Milton Keynes Council: Man 'struggled to feed himself after care cut'

image captionRoy Baker now receives care funded by the NHS

A man with Huntington's disease was treated "worse than an animal" after his care package was cut by a council, his family has said.

Milton Keynes Council cut Roy Baker's care from 35 to 23.5 hours a week after an officer said the authority no longer funded "shopping and domestic support".

However, an investigation by the Local Government and Social Care Ombudsman found the council was "at fault".

The authority has apologised for its "mistake".

Huntington's Disease is a rare inherited disorder that damages certain nerve cells in the brain. Symptoms can include involuntary movements, personality changes and altered behaviour.

When Mr Baker's care and support needs were reviewed by the council in April 2017 it was noted he was "unable to get drinks and food on bad days" and needed help "managing and maintaining nutrition".

However, an assessment officer told Mr Baker his direct payments would be reduced because the council "no longer funded shopping, domestic and meal preparation".

image captionSarah Baker complained to the ombudsman after seeing the affect the cut was having on her ex-husband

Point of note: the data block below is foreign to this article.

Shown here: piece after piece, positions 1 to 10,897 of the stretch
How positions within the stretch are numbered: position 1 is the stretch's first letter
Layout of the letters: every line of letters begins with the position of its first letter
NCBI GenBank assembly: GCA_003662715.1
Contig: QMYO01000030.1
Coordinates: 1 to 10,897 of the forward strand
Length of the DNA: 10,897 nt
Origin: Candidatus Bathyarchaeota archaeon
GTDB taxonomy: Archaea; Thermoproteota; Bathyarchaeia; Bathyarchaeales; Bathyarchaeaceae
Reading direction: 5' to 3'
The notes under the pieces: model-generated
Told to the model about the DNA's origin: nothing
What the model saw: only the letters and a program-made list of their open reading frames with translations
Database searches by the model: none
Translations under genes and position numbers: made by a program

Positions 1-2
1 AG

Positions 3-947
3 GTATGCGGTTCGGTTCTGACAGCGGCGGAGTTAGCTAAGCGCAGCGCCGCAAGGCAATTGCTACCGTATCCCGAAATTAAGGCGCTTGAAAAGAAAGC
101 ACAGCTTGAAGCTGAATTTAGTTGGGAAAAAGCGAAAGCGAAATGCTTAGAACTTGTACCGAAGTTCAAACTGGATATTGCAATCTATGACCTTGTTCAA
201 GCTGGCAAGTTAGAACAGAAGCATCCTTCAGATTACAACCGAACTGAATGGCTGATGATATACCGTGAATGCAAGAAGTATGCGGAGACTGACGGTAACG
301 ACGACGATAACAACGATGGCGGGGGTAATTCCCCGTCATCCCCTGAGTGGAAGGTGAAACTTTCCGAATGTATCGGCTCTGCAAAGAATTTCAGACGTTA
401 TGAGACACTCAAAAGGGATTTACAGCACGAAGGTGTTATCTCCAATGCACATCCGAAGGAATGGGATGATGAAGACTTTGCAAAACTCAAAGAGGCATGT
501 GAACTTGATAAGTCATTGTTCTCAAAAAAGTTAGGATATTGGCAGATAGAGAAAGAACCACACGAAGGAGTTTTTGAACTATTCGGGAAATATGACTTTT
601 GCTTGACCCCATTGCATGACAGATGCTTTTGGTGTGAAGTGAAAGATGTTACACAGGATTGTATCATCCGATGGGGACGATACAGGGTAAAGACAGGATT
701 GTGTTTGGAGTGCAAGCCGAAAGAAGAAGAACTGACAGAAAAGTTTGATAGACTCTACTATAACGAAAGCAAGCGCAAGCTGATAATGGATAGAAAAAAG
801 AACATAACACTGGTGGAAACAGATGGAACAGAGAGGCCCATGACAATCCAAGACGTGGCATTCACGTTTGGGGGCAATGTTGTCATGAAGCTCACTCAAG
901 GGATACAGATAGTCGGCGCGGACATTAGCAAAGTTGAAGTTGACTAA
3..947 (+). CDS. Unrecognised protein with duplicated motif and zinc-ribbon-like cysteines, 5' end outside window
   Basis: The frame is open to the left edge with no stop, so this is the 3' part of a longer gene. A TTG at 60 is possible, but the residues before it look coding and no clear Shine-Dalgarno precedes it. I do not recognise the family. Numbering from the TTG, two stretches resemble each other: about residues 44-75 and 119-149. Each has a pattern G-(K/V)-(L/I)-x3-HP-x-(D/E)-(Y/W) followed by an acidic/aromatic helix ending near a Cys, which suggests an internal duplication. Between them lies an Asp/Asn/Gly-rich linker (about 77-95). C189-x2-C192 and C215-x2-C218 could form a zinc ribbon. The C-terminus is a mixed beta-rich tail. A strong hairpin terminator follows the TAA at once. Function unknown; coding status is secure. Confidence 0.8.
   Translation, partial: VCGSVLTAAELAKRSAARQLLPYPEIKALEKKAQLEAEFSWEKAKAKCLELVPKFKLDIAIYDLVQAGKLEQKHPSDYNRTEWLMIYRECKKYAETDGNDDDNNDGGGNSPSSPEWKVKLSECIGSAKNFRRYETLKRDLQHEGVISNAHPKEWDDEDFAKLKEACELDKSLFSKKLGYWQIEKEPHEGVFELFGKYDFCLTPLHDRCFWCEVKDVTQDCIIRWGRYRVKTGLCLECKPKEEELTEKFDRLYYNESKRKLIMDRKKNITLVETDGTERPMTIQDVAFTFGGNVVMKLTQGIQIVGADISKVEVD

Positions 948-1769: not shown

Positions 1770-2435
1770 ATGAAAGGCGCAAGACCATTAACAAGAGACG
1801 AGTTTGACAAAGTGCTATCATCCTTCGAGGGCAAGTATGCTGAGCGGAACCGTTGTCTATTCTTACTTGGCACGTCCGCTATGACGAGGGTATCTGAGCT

The ombudsman said the cut meant Mr Baker's care package "was not sufficient" - he lost help for basic needs such as showering and eating - and both he and his ex-wife Sarah suffered "significant injustice" as a result.

Ms Baker said: "Our two boys were affected. They would worry what condition they'd find their father in."

During one week when his care was cut, Mr Baker allegedly only ate one meal while his carer was on holiday.

"I actually said to the council, the week the carer was off that they wouldn't treat an animal the way he has been taken care of by Milton Keynes Council," Ms Baker said.

The authority reassessed Mr Baker in January and increased his care package to 52.5 hours a week.

However, the ombudsman concluded the council's assessments were "inadequate" as it had not considered alternative ways to meet his needs.

image captionMr Baker was "angry" when his care was reduced

The authority said: "We have apologised for this mistake and are sorry to have got it wrong."

It added it had reviewed 734 service users and changed the level of support in 127 cases, mostly to increase support.

Mr Baker's care is now funded by the NHS.

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